by Alan Adler, Guest Contributor
Get Employees to Care
HOW do you get employees to care? Culture Leadership. Recently, my wife and I had a discussion about several negative experiences we’ve had with different companies. In each case, the employees clearly, just didn’t care. One employee actually told us that it was her last day and she couldn’t “think of a worse place to work.” Was it the fault of the business, management, employee or all of the above? Or, did our experience have to do with culture leadership styles? We came to realize that it doesn’t matter what the age, gender or job is, far too many employees are unhappy where they work. And after all, do you really expect employees to CARE about the customer’s experience; if they’re consistently unhappy in the workplace? Consider this, as bad as the job market is today, industry experts suggest as many as 70% of people who have jobs are dissatisfied and seeking to change. Recently, Gallup reported that “67% of all customers leave a business because of a disgruntled employee.” Additionally, too often, employers are oblivious to their role when an employee fails to meet expectations.
Get Employees to Care by Working “On” Your Business
I wanted to understand how others felt, so I posted the question “How do you get employees to CARE?” on eight LinkedIn discussion groups. I received hundreds of responses. Here’s a sample of them that shared recurring themes:
Dr. Brian Monger, CEO MAANZ International/CMD Melbourne Area, Australia replied, “too busy ‘Doing it’ to be good managers.” I agreed, and replied that “When people spend 98% of their time working “in” their business, there is little time to work “on” their business.”
Thu On, Senior Operations Analyst at Tiffany & Co., New York City posted, “I strongly suspect that the work environment isn’t aligned with corporate values. Otherwise, who wouldn’t care?”
Sylvia Stanley, Director at Quantum Vision, Mauritius said, “Employees need to know that they are making a contribution, they must feel valued.”
Jonathon Washington, at Fitness Keys, Chicago says, “If more people were passionate about their jobs and owners treated employees like people, gave them a good salary and understood the work better, any business would run a lot smoother!”
Lucy English, Senior Consultant at Horizons Workforce Consulting, St. Louis, suggests, “Giving employees something they can make a meaningful connection with allows them to care. Unfortunately, many leaders and managers cannot describe the mission or purpose of their own organization.”
Alexia Vernon, author of 90 Days 90 Ways: Onboard Young Professionals to Peak Performance believes that it comes down to missed or unrealistic expectations. Suggesting that “supervisors and managers need to discuss with new workers, early on, about their responsibilities and the ways in which they will be held accountable.”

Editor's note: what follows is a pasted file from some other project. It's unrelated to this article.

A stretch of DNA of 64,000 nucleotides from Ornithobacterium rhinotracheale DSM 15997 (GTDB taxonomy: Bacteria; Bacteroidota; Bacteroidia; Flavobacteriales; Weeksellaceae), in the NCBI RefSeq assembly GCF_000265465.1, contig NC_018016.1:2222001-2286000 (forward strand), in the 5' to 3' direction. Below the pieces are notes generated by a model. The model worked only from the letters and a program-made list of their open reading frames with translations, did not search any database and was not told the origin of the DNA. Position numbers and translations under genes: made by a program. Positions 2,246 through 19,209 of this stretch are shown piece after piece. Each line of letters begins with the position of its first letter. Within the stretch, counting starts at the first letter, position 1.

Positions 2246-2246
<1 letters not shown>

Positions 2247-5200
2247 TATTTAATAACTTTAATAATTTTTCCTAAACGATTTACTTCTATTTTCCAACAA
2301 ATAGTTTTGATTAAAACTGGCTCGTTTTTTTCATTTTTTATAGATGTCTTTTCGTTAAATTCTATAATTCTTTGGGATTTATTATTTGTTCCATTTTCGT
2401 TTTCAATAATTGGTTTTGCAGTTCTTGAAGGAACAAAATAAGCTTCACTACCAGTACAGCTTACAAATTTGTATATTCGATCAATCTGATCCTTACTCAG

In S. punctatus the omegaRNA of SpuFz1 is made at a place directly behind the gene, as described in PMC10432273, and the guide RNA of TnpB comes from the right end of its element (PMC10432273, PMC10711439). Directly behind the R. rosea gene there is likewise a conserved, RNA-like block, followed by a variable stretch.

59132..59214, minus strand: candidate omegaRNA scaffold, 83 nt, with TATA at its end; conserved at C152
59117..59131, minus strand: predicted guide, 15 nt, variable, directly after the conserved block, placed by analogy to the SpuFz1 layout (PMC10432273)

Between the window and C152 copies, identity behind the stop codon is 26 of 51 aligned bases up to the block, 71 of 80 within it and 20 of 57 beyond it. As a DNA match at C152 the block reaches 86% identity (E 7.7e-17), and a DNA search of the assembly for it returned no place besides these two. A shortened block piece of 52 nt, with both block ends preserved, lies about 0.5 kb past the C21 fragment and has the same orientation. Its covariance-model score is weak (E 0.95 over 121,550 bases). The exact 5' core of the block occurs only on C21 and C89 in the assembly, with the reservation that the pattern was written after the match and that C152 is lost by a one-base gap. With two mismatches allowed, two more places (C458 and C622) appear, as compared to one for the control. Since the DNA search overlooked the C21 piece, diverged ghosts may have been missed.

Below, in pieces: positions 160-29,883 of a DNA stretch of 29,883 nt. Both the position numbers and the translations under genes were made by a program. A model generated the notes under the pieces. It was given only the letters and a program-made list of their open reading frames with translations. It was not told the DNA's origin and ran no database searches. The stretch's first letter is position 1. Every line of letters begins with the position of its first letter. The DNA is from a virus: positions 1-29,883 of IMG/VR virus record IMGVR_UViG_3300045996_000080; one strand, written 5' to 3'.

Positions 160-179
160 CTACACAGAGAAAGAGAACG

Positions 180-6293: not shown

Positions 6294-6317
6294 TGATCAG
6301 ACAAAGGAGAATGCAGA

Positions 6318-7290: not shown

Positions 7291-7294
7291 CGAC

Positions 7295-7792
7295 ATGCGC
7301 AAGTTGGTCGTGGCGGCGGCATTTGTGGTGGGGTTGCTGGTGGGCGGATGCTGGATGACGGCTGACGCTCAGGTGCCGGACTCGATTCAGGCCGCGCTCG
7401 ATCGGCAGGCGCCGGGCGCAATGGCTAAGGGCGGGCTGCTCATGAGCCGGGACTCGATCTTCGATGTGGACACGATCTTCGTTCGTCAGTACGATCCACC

Peter Burchard, Thought Kindler, Improvement Expert, from Chicago says, “senior management has the responsibility to create work that is meaningful and challenging.”
Leadership Psychologist, Kylie Prince with Developing AuthenticCharisma™ in Melbourne, Australia says, “It’s not rocket science; employees who feel cared for, treat customers better, work more efficiently and therefore business improves. Too Many organizations waste a lot of money trying to get employees to CARE; by giving employees what they think they want; a very bad assumption.”
“Show them you care,” from Stephen Atamanchuk CSP, Human Resource Business Partner, Greater Boston Area.
Many great comments overall, and while a few came close, several missed the mark. For sustainable change, I believe that you get employees to CARE by encouraging a strong, positive culture. Too many organizations have leaders that although well-intended, have environments that are characterized by confusion, fear, selfishness, dishonesty or lack of appreciation.
I could not agree more with Erica Anderson, whose article, “Great Workplaces Arise From Great Leaders,” in the September 12 issue of Forbes Magazine, writes, “A leader’s passion, wisdom and generosity support the creation of a great workplace. When leaders are both deeply committed and open to alternatives – truly passionate – it invites everyone to be passionate in response – and the workplace comes alive” Anderson goes on to say that, When leaders tell the truth and deliver on their commitments (or say why they can’t and what they’ll do instead), it creates an environment that feels solid and reliable, one where people don’t have to retreat into self-protectiveness.”
So if you’re an employer not happy about the culture that exists in your organization – tag, you’re it. It’s up to you to change the environment. Connect the dots and start by becoming the best leader you can be. It’s not too late to improve your skills and take your business to the next level with a major renovation of your organization’s culture.
I also suggest taking a look at organizations that have already figured this out and practice every day. You will find their names in Fortune Magazine’s annual feature 100 Best Places to Work For.
Alan Adler is a Coach, Marketing Consultant, Speaker and Author, providing strategies that meet professional goals. He frequently presents seminars and workshops on such relevant topics as Attracting & Retaining Customers, Listening Skills, Leadership and Inbound Marketing.